U.S. Judge Throws Out Islamist ‘Lawfare’ Case

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Muslims of the Americas (MOA), a terror-linked group led by a radical cleric in Pakistan, suffered a defeat last week when U.S. District Judge Thomas J. McAvoy tossed out the group’s $30 million lawsuit against an author who documented MOA’s involvement in terrorism, crime and extremism.

Muslims of the Americas states on its website that is “the only indigenous American Muslim organization founded and based in the United States of America.” It claims it is moderate, non-violent and a positive force for interfaith relations. The Clarion Project’s fully-documented profile of the group tells a different story.

In January, Clarion identified an MOA enclave in Texas as proven by declassified FBI documents that clearly identify it as a jihadist enclave and terrorist threat. We have also released a MOA videotape showing its women getting guerilla training at its “Islamberg” headquarters in New York.

Moreover, MOA’s interfaith front, the United Muslim Christian Forum, is rooted in anti-Semitism.

Our revelations prompted over a dozen North American Muslim groups to endorse our initiative for the labeling of Jamaat ul-Fuqra, MOA’s parent group, as a Foreign Terrorist Organization. Rep. Louie Gohmert (R-TX) agrees that MOA should also be designated and said our identification of an enclave in his state was “more than troubling—it’s appalling.”

The FBI document released by Clarion was recently shown on the History Channel 2’s “America’s Book of Secrets” television show on April 12, 2014. MOA accused the History Channel of committing a “direct attack against peace.”

MOA’s $30 million lawsuit was filed against Martin Mawyer and Patti Perucci after they published their book Twilight in America in 2012.  The book includes testimony from Ali Abdel Aziz, a high-level member of MOA who was an informant for the New York Police Department when he lived in “Islamberg.” Aziz says he travelled around the world for MOA, confirmed its terrorist links and expressed grave concern about the treatment of women and children inside MOA’s communes around the U.S.

The documentation of MOA’s extremism is so thick that its $30 million lawsuit was clearly frivolous. It was aimed at bankrupting Mawyer and Perucci and intimidating other potential critics. This Islamist tactic is often referred to as “lawfare” or “legal jihad.”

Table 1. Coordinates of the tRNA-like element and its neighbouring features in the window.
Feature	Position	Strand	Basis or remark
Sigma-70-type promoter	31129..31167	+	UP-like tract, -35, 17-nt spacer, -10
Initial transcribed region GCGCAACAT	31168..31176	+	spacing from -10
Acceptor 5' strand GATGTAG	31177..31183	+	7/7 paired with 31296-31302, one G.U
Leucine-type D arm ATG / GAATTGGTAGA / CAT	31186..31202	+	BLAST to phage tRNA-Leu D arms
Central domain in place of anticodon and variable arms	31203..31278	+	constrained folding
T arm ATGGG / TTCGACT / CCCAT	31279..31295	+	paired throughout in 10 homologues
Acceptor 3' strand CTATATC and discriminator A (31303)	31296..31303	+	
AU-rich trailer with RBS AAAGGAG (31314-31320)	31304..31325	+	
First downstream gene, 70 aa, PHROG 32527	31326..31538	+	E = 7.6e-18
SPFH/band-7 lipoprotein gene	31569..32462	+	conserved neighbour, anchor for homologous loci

MOA’s strategy was bizarre and full of logical holes. On January 24, 2013, the MOA leadership incorporated a new organization named The Muslims of the Americas (TMOA). The original group, MOA, was dissolved shortly thereafter on February 6.

At this time, MOA posted an article by its Pakistan-based leader, Sheikh Gilani. He claimed that the original MOA was secretly taken over by WahhabiMuslim Brotherhood infiltrators using a non-profit named “Ikhwanul Muslimun” that was incorporated in 1974 and established on “Islamberg” property. Gilani said that these infiltrators fraudulently incorporated MOA without his approval.

One supposed Brotherhood operative sent to damage Gilani was Jamil Abdul Haqq, who Gilani appointed as his “khalifah” (caliph) in the U.S. Gilani claims that Haqq even was able to take on the appearance of Gilani to fool his followers into obeying his orders.

“[Haqq] took advantage of my absence to start the biggest fraud in history by closing his eyes, taking long breaths, and going through physical changes before speaking to people as if he were Sheikh Gillani,” he wrote.

Any crimes committed by Gilani’s followers were done under the auspices of the Brotherhood infiltrators.  In his article, Gilani complains that the U.S. hasn’t praised him and welcomed him back into the country for eliminating the Muslim Brotherhood in America.

Thus, MOA’s strategy in court was that TMOA cannot be blamed for the actions of MOA because they are actually two separate organizations—however, TMOA is still entitled to damages from accusations against MOA. It wasn’t hard for the judge to see the ridiculousness of that position, and he dismissed the libel lawsuit because the plaintiff lacked standing (legally, a party may only assert his or her own rights in court and is not allowed to raise the claims of a third party who is not before the court).

“Further, the reason given for the dissolution of MOA—namely, the fraudulent pretenses under which it operated, seems to be antithetical to the contention that TMOA was formed merely to implement a name change,” District Judge McAvoy ruled.

The attorney representing the defendants, David W.T. Carroll, said MOA/TMOA would have lost the lawsuit anyway because of the evidence supporting the book’s allegations.

In a website statement on April 24, MOA said its lawsuit was dismissed because of a “procedural defect that the plaintiff believes can be easily cured.” It says it will continue legal action against the authors and is reviewing its options.

If MOA figures out a way to continue the legal battle, it’ll lose unless the financial burden forces Mawyer and Perucci into submission. MOA cannot win on the facts. The only it win is through intimidation and financial warfare — through legal jihad.


Ryan Mauro is the ClarionProject.org’s National Security Analyst, a fellow with the Clarion Project and is frequently interviewed on top-tier TV stations as an expert on counterterrorism and Islamic extremism.

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Meira Svirsky

Meira Svirsky is the editor of ClarionProject.org

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